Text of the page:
Nothing like going on the air and reporting the government is going to give you a check for x dollars - depending on your income - to please your viewers. But reporting about it as if there were no strings attached isn't straightforward.
However, the glowing reception the $150-billion taxpayer-funded stimulus plan got from each of the network newscasts gave that impression last night.
"Cash is on the way," ABC's "World News" anchor Charles Gibson said. "The check is in the mail, or it will be to 117 million Americans. The president and congressional leaders reached agreement on a $150-billion economic stimulus package today. When passed by Congress, the package will result in the distribution of $100 billion to individuals and families. And it will mean businesses will get $50 billion in tax breaks."
All that sounds great, except that some people who pay taxes won't get a rebate, and many of those who don't pay taxes at all will get a rebate.
This money given to non-taxpayers has to come from somewhere - and as many economists have pointed out, that wealth-redistribution characteristic is a reason why this package isn't a good "stimulus."
"A stimulus bill is not the place to expand government interference in the economy, bail out banks that make bad loans, or pile on unrelated new spending," wrote Rea S. Hederman, Jr., assistant director and senior policy analyst in the Center for Data Analysis at The Heritage Foundation. "While a tax rebate may be inevitable at this point, the public should recognize that this rebate is poorly targeted and would not have a significant effect on the economy."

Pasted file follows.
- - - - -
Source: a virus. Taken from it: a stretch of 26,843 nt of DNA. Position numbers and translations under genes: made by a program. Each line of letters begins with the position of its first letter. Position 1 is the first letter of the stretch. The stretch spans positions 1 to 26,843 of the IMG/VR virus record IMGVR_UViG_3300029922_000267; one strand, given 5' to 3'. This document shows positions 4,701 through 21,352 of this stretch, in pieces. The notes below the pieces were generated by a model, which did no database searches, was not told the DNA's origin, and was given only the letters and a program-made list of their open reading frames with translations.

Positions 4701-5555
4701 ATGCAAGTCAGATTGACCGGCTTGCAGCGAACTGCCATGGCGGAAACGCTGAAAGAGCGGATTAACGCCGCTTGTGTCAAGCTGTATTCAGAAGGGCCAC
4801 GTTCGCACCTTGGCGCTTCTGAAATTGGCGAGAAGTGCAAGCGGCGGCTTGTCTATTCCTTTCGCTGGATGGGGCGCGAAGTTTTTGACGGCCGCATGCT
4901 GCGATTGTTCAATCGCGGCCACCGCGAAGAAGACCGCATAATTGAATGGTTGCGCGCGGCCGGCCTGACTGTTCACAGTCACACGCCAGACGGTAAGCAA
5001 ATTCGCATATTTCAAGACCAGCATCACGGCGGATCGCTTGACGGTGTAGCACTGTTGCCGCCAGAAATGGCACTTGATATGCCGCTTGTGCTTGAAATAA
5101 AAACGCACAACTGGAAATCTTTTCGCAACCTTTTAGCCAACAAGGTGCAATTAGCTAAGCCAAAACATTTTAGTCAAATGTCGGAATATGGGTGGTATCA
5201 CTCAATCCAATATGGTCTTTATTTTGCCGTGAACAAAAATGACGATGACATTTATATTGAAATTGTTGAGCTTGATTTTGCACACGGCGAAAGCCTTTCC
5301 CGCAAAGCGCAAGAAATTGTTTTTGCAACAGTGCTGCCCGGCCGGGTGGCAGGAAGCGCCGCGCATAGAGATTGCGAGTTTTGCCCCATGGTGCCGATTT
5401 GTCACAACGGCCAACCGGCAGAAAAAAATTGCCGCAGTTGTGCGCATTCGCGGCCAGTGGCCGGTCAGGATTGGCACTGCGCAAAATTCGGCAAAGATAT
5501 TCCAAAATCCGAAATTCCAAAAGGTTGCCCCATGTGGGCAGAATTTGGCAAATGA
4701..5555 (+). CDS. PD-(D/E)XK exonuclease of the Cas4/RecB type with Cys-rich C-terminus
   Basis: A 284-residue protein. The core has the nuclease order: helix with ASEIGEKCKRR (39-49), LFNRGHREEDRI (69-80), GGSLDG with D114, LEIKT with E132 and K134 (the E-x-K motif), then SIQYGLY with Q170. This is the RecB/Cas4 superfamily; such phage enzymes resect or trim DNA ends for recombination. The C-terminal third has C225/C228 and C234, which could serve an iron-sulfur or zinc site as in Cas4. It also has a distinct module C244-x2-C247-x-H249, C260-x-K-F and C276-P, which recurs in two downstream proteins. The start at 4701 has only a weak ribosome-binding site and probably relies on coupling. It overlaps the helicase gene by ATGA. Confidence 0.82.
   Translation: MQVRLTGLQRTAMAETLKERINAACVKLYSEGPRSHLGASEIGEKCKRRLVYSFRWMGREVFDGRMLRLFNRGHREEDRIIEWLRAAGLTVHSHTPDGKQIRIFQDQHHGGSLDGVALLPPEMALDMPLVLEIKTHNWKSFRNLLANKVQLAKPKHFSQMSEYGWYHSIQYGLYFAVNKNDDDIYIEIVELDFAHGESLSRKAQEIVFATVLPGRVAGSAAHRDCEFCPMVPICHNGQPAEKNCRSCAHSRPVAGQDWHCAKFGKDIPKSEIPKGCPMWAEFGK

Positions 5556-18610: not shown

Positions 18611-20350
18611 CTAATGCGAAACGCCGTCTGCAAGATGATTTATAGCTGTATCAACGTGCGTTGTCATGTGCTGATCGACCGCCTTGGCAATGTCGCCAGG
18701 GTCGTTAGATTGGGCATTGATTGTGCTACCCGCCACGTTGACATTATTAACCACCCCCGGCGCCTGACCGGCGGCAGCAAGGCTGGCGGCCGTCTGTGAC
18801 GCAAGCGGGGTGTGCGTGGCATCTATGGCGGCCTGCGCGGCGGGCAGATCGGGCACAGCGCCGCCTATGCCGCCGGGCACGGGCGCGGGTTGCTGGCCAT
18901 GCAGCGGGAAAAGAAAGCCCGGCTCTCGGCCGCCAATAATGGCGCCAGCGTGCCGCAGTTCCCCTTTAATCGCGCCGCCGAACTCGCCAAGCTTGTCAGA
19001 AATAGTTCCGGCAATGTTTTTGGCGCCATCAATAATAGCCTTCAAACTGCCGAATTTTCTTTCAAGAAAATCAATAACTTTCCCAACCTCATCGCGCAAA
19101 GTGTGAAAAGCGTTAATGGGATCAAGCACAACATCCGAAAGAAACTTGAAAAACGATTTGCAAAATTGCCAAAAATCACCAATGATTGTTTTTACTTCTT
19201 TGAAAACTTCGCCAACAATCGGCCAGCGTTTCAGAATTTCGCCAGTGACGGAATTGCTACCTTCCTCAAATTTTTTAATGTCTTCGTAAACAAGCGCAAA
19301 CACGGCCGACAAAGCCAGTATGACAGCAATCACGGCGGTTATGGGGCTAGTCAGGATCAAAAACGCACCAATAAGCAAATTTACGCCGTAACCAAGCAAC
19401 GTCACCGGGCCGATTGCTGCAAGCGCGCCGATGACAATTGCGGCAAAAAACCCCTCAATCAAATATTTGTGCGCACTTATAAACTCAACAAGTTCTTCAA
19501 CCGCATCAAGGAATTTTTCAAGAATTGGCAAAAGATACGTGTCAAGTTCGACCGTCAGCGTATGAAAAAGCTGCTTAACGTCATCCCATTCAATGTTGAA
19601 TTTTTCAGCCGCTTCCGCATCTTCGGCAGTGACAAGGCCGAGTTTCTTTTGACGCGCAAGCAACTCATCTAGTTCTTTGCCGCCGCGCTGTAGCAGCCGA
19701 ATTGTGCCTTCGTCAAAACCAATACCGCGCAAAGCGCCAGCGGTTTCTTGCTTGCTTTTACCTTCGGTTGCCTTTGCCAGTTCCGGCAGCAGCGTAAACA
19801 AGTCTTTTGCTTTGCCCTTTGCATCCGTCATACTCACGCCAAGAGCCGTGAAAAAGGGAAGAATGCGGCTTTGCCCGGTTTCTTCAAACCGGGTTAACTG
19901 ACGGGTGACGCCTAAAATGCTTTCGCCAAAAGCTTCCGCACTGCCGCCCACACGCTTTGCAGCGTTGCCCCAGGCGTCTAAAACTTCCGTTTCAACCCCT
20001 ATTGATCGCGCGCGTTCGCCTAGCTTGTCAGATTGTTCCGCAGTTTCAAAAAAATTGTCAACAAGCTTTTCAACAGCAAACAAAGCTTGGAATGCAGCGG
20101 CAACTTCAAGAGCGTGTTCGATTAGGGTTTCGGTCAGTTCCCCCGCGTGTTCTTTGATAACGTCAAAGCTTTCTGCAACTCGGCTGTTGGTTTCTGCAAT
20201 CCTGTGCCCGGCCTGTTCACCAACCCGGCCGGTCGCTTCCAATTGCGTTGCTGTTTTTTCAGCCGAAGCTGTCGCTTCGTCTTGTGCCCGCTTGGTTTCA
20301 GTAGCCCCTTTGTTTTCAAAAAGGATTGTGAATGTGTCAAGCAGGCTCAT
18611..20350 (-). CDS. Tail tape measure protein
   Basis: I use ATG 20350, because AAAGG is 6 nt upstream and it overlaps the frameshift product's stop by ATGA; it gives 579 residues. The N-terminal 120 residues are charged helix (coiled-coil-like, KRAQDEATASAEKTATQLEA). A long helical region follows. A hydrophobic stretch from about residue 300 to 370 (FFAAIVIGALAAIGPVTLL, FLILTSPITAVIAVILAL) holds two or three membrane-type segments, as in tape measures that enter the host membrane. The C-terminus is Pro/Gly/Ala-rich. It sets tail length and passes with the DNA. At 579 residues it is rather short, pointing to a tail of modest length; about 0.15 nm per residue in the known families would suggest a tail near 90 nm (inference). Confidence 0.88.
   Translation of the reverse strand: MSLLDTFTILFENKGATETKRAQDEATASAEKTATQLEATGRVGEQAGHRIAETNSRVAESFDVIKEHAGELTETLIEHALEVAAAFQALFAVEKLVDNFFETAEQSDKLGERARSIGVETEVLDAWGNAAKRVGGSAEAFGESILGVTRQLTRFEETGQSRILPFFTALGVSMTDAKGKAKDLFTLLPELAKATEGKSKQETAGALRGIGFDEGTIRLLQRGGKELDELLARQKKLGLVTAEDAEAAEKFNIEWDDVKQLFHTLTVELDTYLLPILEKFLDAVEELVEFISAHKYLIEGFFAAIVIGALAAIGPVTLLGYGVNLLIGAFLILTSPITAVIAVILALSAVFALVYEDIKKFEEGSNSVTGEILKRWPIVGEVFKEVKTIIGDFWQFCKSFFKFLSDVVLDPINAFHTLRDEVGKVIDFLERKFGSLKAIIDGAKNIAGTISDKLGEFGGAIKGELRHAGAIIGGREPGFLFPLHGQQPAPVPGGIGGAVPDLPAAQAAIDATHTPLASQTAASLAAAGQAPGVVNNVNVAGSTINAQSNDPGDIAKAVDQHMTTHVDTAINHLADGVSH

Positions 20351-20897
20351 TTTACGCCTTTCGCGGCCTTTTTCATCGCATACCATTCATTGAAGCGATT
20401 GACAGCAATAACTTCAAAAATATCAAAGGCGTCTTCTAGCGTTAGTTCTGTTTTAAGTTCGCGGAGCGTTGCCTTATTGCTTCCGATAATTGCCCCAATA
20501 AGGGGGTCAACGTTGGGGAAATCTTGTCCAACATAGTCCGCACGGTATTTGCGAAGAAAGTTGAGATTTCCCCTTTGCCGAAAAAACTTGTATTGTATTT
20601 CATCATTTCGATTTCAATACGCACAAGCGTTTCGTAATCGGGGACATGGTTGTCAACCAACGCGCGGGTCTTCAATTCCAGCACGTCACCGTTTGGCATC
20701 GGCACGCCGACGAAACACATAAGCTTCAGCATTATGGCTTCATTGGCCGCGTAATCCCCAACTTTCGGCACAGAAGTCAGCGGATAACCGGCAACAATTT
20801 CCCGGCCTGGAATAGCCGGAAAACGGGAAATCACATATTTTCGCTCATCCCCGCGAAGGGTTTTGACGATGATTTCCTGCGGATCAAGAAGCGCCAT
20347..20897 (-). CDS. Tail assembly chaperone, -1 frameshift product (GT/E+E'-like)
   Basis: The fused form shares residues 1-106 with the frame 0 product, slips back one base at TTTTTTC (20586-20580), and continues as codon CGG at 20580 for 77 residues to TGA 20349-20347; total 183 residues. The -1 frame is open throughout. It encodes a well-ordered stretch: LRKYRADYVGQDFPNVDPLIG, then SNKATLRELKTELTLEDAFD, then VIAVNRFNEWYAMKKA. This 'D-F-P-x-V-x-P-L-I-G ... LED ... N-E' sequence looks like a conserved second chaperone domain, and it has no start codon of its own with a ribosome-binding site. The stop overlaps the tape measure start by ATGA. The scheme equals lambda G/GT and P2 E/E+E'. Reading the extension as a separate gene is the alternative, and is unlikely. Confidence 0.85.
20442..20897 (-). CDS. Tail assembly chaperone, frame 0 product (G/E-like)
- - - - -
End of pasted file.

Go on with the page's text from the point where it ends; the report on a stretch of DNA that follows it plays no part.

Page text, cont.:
CBS's Katie Couric and NBC's Brian Williams also welcomed the news. They lauded it because it was a "bipartisan" effort and thus treating that as a net positive.
"Well, it's not quite a done deal yet, but it looks like many of you will be getting a rebate check from Uncle Sam," Couric said on the January 24 "Evening News." "In the biggest show of bipartisanship since 9/11, President Bush and the House leadership reached agreement today on an economic stimulus package."
"[T]he threat of a recession in this country is just dire enough to have brought both parties together in Washington," Williams said on the January 24 "Nightly News." "They've put together what is called a stimulus package and that means over the next few months most of the people watching this broadcast tonight will get a check in the mail. Now, it's what Americans choose to do with that money that will then affect the U.S. economy or not."
None of the networks attempted to explain where this $100 billion in checks will come from.